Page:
(Reuters) - North Carolina's divided Supreme Court struck down the state's new congressional map on Friday, upholding claims from Democratic voters and advocacy groups that the redrawn district lines illegally favor Republicans.
The 4-3 decision, with justices registered as Democrats making up the majority, could have an outsized impact on the 2022 midterm elections in November, when control of the closely divided U.S. Congress will be at stake.
Democrats and civil rights activists had asserted that the new map ensures Republicans will win a majority of the state's 14 congressional districts, even in elections in which more Democratic voters cast ballots.
Issuing a ruling Friday, the Supreme Court said the maps "are unconstitutional beyond a reasonable doubt under the free elections clause, the equal protection clause, the free speech clause, and the freedom of assembly clause of the North Carolina Constitution."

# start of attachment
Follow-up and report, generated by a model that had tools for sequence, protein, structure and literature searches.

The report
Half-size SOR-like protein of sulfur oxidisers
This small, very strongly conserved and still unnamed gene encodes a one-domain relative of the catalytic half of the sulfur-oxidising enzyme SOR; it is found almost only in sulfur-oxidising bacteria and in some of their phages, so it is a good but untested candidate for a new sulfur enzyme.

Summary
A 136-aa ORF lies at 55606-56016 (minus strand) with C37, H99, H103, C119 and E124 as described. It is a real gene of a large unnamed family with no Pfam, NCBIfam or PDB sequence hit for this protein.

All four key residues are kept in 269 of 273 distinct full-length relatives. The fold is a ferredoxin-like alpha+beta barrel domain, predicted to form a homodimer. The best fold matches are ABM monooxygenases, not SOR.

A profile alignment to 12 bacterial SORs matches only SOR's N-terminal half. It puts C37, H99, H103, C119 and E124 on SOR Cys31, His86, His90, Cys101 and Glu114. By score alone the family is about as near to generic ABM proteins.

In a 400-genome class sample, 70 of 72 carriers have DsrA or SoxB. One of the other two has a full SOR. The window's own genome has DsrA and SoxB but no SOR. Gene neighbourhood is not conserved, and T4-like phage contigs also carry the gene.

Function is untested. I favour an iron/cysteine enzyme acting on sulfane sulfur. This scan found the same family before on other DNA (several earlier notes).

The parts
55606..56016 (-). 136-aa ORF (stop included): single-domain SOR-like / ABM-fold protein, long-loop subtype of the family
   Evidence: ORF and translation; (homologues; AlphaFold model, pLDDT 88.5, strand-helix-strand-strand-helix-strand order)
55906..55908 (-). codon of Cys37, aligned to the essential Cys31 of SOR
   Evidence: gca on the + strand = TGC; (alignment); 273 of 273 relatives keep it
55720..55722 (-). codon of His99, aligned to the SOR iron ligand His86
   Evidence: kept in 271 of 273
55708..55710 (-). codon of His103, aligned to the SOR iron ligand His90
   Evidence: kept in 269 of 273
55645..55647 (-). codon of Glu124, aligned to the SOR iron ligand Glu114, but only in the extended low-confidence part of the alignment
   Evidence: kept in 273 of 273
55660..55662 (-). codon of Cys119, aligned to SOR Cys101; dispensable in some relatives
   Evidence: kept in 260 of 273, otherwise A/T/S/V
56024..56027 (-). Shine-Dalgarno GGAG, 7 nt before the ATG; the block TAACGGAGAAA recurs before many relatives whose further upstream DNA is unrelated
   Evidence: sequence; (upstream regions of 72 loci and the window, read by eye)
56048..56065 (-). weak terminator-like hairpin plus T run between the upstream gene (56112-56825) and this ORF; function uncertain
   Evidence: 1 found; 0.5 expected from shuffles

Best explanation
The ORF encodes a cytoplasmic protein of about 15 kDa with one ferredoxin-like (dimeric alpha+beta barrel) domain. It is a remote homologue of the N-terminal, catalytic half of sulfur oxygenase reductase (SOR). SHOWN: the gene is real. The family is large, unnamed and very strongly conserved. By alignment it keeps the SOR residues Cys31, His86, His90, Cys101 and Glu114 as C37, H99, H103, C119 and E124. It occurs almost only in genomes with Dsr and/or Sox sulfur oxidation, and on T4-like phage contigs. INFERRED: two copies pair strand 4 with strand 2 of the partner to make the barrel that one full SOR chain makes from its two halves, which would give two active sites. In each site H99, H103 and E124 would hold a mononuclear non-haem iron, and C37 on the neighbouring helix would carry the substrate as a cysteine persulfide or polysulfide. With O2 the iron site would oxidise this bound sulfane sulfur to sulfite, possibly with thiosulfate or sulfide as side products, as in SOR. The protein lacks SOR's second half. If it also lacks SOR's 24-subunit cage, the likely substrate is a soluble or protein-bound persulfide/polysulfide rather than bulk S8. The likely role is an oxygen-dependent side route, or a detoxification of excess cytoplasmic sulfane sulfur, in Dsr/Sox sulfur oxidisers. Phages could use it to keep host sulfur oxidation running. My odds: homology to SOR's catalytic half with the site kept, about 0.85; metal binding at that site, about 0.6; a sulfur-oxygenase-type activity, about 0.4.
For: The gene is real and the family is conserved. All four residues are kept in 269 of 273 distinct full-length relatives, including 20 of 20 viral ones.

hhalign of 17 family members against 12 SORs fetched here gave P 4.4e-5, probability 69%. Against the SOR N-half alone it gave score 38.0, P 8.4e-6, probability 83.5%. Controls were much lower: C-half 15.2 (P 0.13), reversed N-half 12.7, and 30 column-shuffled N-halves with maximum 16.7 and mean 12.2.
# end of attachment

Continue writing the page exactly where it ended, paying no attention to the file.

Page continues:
North Carolina's legislature can submit new congressional and state legislative districting plans "that satisfy all provisions of the North Carolina Constitution," the court said. The deadline to submit such plans for review by a trial court is Feb. 18, the court said.
Federal law requires states to draw new congressional lines every 10 years to account for population shifts, after the U.S. Census completes its once-a-decade count. In most states, legislators control the process, leading to the practice of gerrymandering, in which one party engineers political maps to benefit itself.
The case was among numerous pending lawsuits challenging congressional maps in at least half a dozen states, including Texas, Ohio and Georgia, according to New York University's Brennan Center for Justice, which is tracking redistricting litigation.
Republicans need to flip only a handful of seats in the Nov. 8 elections to retake control of the U.S. House of Representatives, where Democrats hold a 221-212 edge, including vacancies.
(Reporting by Rami Ayyub; Editing by Cynthia Osterman)